Hammonds fully expects to contend in hurdles races

Reynolds senior Gabriel Hammonds (second from right) won both hurdles events at the Central Piedmont 4-A Conference track and field championships last week.

Hammonds fully expects to contend in hurdles races
May 12
08:45 2016

Photo by Craig T. Greenlee



Reynolds hurdler Gabriel Hammonds could be a surprise factor in these final weeks of high school track and field. The 6-2, 195-pound senior played outside linebacker on the football team last fall. During the spring, he’s shown that he’s more than capable of posting top-four finishes in his specialty events at the Midwest 4-A Regional meet on Saturday.

Hammonds has yet to crack the top five in the NCRunners Class 4-A state rankings. Time-wise, he’s in that next tier. In recent weeks, though, he has lowered his previous best times in the 110-meter high hurdles and 300-meter hurdles. Entering the regionals, he’s seventh in the 300 hurdles (39.86 seconds) rankings and 12th in the highs (14.88).

“Gabe is as focused and as poised as ever,” said coach Charlton Rolle. “He shouldn’t have any problems making it out of regionals. If he hits his peak, according to how our practices are set up, he could actually surprise himself and a lot of people at the state championships.”

By necessity, Hammonds has had to be a quick-study. With this being only his second year of hurdling, there was so much for him to absorb about the technical aspects of the event. The difference between where he is now in his development compared to a year ago, he explained, is huge.

“Now, I’m a lot more powerful and a lot more experienced than when I first came out,” said Hammonds, who won both hurdles races at the Central Piedmont Conference track championships last week. “I’m very proud of where I am right now. But I’m also expecting a lot more of myself before this season comes to an end.”

Of the two hurdles events, the 300 gives Hammonds the best shot at earning a medal at the state meet. With the exception of top-ranked Brent Carroll of Charlotte Berry (37.89), six of the state’s top seven are separated by only 1.36 seconds.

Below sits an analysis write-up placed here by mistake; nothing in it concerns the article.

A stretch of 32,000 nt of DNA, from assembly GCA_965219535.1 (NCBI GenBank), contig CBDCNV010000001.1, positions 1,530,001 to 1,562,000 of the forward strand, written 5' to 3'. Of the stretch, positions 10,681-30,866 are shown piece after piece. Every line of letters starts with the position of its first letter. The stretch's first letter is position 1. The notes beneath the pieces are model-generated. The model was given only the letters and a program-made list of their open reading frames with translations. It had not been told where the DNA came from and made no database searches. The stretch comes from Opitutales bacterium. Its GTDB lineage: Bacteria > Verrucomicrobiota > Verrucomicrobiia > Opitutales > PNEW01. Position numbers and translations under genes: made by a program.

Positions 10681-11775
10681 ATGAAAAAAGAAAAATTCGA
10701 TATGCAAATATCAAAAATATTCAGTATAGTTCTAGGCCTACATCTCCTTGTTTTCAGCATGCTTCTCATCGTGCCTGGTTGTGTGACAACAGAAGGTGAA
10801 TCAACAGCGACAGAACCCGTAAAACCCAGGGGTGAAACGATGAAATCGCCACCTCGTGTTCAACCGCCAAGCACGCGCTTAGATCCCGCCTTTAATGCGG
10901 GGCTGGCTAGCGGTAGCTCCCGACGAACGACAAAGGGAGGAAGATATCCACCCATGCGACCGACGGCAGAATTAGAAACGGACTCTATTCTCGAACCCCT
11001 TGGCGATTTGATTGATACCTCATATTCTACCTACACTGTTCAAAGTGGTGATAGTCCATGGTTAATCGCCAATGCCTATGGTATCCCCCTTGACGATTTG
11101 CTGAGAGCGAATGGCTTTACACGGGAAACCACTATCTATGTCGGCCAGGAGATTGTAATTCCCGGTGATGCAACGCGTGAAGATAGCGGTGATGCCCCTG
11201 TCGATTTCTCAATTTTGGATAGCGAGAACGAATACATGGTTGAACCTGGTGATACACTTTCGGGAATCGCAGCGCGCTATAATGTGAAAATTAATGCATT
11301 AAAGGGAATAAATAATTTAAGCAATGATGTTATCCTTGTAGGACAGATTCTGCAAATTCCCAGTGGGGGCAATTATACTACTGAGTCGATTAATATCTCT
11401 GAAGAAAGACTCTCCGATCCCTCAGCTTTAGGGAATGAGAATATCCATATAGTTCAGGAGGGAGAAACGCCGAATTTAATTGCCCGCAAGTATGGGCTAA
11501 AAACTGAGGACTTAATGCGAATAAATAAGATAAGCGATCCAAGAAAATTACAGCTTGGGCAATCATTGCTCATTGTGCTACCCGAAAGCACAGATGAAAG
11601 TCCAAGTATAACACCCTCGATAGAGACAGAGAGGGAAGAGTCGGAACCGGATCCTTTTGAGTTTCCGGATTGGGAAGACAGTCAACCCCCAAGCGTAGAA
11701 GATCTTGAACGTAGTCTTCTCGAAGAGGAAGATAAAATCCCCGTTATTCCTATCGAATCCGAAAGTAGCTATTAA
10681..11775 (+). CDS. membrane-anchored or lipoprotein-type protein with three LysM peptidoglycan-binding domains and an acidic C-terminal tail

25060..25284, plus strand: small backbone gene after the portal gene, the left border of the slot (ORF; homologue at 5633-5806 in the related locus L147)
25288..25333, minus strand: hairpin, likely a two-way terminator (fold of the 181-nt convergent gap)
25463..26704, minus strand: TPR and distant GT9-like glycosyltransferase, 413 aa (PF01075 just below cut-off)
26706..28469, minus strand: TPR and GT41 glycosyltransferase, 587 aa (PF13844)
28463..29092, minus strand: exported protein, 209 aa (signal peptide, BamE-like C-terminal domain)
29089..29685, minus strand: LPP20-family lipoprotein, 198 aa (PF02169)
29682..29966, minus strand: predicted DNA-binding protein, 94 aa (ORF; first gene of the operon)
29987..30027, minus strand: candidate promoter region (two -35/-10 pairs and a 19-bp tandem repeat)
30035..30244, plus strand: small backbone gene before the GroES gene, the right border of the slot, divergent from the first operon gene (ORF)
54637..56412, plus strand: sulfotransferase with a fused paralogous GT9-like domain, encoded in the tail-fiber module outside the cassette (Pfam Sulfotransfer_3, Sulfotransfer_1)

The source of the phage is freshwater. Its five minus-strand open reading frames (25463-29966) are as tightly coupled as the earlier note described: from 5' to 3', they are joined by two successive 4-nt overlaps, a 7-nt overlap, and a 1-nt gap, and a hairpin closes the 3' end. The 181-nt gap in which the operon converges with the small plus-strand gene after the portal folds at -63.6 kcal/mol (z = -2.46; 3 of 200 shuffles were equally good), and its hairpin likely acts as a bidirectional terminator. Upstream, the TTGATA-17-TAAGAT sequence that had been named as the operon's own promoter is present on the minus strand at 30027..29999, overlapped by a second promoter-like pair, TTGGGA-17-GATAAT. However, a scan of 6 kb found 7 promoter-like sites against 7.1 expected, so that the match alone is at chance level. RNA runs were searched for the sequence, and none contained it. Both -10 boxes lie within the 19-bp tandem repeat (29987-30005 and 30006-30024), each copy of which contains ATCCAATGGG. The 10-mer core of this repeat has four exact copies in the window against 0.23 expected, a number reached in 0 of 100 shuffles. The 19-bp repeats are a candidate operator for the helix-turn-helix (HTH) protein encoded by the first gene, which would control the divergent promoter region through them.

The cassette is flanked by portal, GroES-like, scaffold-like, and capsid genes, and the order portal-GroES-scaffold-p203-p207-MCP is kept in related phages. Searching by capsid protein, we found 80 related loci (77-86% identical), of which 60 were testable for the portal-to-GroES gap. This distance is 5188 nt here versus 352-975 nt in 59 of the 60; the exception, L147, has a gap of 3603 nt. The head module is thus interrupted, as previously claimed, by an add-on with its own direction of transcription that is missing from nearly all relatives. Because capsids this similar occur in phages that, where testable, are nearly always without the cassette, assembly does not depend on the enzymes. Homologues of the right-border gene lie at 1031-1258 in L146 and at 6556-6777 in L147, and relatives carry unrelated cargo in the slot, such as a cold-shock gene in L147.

Although he posted his fastest-ever clocking at the CPC championships, Rolle isn’t convinced that it was the best that Hammonds is capable of. In that race, Hammonds seized the lead from start, but had to hold off a late charge from Parkland’s Trequan Barnes to secure the victory.

“Even with him not running the first half of the race as strong as he usually does, he was able to kick it in that last 100 meters and maintain,” said Rolle. “And even then, he still dropped a personal best time. So, that’s kind of scary to see what he can actually do when he puts the entire race together.”

Hammonds arrived at Reynolds two years ago as a junior after his family moved to North Carolina from Daytona Beach, Fla. Back then, he split time between playing football and playing soccer. Hammonds, who has a 3.2 grade-point average, was introduced to the 300 hurdles as a sophomore, but he never competed. When he joined the track team at RJR, Hammonds added the high hurdles to his list of events to compete in.

Even though he was a multi-sport athlete in high school, Hammonds will stick strictly to track for college. At this point, he’s hoping to sign with N.C. State or N.C. A&T. Purdue is also a possibility.

“With the season coming to a close, my main goals are to run 14 (in the high hurdles) and get a college scholarship for track,” said Hammonds, who plans to major in physical therapy or kinesiology. “To do that, I have to keep working like I’ve been doing and stay humble. There are always parts of my race that need fixing. I just want to thank my coaches (Charlton Rolle and Derrick Speas) for pushing me and never giving up on me.”

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Craig Greenlee

Craig Greenlee

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